knights of labor Knights of Labor, was the largest and one of the most important American labor organizations of the 1880s (gilded age). Its most important leader was Terence V. Powderly.
haymarket riot Chicago. grew out of agitation of the goal of 8 hour work days. Two strikers killed.
homestead steel strike 1892. Stalled the industrial Union movement and represented test of strength. Was an industrial lockout and strike which began on June 30, 1892, culminating in a battle between strikers and private security agents on July 6, 1892. 10 killed, dozen wounded
American Federation of Labor (AFL) Federation of many separate labor unions.
Pullman strike 1894. Stalled the industrial union movement and represented test of strength. Occurred because negotiations between the Pullman Palace Car Company and the American Railway Union, which represented the railroad and factory workers who worked at Pullman, fa
textile industry The textile industry or apparel industry is primarily concerned with the design and production of yarn, cloth, clothing, and their distribution.
American Tabaco Company The American Tobacco Company was a tobacco company founded in 1890 by J. B. Duke through a merger between a number of U.S. tobacco manufacturers including Allen and Ginter and Goodwin & Company. Controlled 90% of cigarette production.
redeemers the southern wing of the Bourbon Democrats, the ultra-conservative, far right, pro-business faction in the Democratic Party rooted in white supremacy, who pursued a policy of Redemption B/C they apparently “saved” the south during reconstruction.
crop linen system a credit system that became widely used by cotton farmers in the United States in the South from the 1860s to the 1930s. Sharecroppers and tenant farmers who did not own the land they worked obtained supplies and food on credit from local merchants.
sharecroppers a tenant farmer who gives a part of each crop as rent. Individually operated.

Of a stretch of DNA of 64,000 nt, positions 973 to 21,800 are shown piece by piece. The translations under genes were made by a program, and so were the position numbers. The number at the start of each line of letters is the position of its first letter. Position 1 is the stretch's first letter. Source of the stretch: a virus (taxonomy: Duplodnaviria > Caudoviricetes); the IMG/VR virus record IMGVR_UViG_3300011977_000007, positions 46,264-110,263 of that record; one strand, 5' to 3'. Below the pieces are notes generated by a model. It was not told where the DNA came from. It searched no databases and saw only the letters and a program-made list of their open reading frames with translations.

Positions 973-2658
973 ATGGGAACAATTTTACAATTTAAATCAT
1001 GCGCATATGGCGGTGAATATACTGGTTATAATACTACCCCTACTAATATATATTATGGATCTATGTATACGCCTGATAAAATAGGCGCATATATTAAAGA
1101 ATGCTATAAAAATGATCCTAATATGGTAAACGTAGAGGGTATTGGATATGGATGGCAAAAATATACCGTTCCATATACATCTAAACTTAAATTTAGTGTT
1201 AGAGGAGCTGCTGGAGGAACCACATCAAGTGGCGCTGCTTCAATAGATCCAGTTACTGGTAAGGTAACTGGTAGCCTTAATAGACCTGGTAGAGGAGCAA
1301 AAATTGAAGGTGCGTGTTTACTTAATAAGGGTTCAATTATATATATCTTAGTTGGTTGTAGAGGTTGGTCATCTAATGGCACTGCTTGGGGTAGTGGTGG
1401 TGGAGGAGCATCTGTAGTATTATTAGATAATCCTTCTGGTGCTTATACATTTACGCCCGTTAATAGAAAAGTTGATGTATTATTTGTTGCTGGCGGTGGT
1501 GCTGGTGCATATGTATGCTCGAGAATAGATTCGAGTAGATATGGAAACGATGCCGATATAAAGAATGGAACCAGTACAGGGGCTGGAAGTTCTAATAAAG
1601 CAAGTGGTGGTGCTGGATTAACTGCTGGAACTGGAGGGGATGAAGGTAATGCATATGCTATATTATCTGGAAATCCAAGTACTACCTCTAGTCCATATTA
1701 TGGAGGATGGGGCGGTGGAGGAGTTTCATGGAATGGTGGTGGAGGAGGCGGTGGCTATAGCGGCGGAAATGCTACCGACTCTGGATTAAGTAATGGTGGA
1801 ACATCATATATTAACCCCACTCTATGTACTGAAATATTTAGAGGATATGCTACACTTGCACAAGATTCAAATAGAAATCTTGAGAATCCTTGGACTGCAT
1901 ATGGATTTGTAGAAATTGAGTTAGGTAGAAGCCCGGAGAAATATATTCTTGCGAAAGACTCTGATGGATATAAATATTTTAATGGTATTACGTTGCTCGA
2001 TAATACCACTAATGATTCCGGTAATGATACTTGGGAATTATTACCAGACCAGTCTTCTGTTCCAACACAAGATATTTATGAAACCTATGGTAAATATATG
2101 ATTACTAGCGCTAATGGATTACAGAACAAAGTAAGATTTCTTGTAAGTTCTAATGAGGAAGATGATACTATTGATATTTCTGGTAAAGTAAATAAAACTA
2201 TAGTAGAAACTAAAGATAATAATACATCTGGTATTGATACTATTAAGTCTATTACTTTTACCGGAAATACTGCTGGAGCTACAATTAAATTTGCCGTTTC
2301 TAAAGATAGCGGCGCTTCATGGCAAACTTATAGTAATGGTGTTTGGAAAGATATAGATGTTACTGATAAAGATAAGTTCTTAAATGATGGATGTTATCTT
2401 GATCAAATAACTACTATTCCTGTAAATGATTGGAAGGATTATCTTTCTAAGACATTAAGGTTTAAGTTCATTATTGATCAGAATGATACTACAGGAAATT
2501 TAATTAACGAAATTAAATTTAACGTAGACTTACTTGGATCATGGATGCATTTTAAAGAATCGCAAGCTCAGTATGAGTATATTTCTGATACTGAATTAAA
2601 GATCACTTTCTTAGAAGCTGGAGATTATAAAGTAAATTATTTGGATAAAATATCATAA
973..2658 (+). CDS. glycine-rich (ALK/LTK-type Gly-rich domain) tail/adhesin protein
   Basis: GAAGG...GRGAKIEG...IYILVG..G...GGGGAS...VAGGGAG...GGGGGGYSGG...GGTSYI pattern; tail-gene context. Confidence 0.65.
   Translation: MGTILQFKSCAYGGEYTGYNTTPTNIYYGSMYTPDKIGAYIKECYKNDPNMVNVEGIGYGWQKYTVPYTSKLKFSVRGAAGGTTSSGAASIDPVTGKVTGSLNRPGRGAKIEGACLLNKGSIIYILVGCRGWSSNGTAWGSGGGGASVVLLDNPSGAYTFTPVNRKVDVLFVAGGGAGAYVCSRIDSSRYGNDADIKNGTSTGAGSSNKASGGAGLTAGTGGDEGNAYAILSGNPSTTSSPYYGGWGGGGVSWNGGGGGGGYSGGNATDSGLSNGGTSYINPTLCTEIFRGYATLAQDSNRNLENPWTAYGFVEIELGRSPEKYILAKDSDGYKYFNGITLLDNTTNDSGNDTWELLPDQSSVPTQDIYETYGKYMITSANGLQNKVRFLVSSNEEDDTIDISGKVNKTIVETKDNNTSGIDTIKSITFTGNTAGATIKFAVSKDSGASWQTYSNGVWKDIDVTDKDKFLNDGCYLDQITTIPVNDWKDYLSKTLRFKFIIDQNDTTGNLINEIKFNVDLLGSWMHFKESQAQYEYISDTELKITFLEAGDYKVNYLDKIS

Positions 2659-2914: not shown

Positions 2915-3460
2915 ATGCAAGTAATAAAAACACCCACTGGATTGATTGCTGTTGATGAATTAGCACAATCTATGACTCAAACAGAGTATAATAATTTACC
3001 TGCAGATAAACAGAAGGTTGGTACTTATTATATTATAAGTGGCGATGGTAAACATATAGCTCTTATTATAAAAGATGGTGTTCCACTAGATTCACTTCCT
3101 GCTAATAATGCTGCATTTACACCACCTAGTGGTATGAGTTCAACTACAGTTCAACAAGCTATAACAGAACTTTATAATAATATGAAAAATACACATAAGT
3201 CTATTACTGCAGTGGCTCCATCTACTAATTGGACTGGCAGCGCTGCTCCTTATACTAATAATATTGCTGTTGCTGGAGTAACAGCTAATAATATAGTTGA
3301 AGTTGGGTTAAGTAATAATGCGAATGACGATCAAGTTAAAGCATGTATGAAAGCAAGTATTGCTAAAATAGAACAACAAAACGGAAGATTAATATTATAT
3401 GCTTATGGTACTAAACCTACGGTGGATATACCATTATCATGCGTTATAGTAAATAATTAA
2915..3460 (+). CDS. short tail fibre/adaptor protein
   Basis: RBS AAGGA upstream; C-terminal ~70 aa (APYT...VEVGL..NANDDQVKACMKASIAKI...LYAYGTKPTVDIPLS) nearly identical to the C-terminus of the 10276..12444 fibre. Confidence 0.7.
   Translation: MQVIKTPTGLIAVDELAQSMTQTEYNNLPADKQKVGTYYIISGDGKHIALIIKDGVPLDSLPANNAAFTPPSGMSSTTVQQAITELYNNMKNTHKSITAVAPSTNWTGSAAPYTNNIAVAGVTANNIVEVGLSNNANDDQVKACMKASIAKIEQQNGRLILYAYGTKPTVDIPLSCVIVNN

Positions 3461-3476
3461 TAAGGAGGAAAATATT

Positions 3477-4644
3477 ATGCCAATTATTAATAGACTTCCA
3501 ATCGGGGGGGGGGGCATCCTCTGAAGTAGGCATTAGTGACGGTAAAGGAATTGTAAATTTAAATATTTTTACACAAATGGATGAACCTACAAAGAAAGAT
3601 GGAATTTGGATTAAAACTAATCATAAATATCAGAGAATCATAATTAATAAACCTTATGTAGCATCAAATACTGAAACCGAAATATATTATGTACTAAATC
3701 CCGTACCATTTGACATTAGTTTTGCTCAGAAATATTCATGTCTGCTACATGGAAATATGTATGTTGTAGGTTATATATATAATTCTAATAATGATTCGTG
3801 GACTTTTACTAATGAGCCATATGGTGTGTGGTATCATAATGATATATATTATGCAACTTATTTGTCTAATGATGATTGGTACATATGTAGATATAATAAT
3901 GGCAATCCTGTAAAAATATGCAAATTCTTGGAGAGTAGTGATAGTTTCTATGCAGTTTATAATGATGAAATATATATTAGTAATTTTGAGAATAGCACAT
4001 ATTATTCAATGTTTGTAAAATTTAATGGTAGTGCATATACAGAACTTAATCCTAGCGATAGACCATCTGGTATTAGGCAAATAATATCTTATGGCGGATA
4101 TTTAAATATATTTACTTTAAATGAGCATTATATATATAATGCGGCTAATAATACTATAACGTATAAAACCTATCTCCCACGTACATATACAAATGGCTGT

sharetenant one who operates a farm owned by another, pays a share of the crop as rent, and provides labor, power and implements, and usually his share of seed and fertilize.
Mississippi plan devised by the Mississippi legislature to avoid honoring the Fourteenth and Fifteenth Amendments without attracting federal intervention. The plan included a residency length requirement, poll tax, literacy test, and clean criminal record requirement. The
separate but equal racially segregated but ostensibly ensuring equal opportunities to all races. Excuse for segregation/discrimination.
Atlanta compromise struck in 1895 between Booker T. Washington, president of the Tuskegee Institute, and other African-American leaders, and Southern white leaders. The agreement was that Southern blacks would work and submit to white political rule, while Southern whites g
exodusters was a name given to African Americans who migrated from states along the Mississippi River to Kansas in the late nineteenth century, as part of the 1879 movement. It was the first general migration of blacks following the Civil War.
campstock lode The Comstock Lode is a lode of silver ore located under the eastern slope of Mount Davidson, a peak in the Virginia Range in Nevada (then western Utah Territory). It was the first major discovery of silver ore in the United States.
boomtown a town undergoing rapid growth due to sudden prosperity
open range The invention of barbed wire in the 1870s allowed cattle to be confined to designated areas to prevent overgrazing of the range. In Texas and surrounding areas, increased population required ranchers to fence off their individual lands.
indian wars the multiple armed conflicts between European governments and colonists, and later American settlers or the United States government, and the native peoples of North America.
sand creek massacres On November 29, 1864, seven hundred members of the Colorado Territory militia embarked on an attack of Cheyenne and Arapaho Indian villages. The militia was led by U.S. Army Col. John Chivington, a Methodist preacher, as well as a freemason.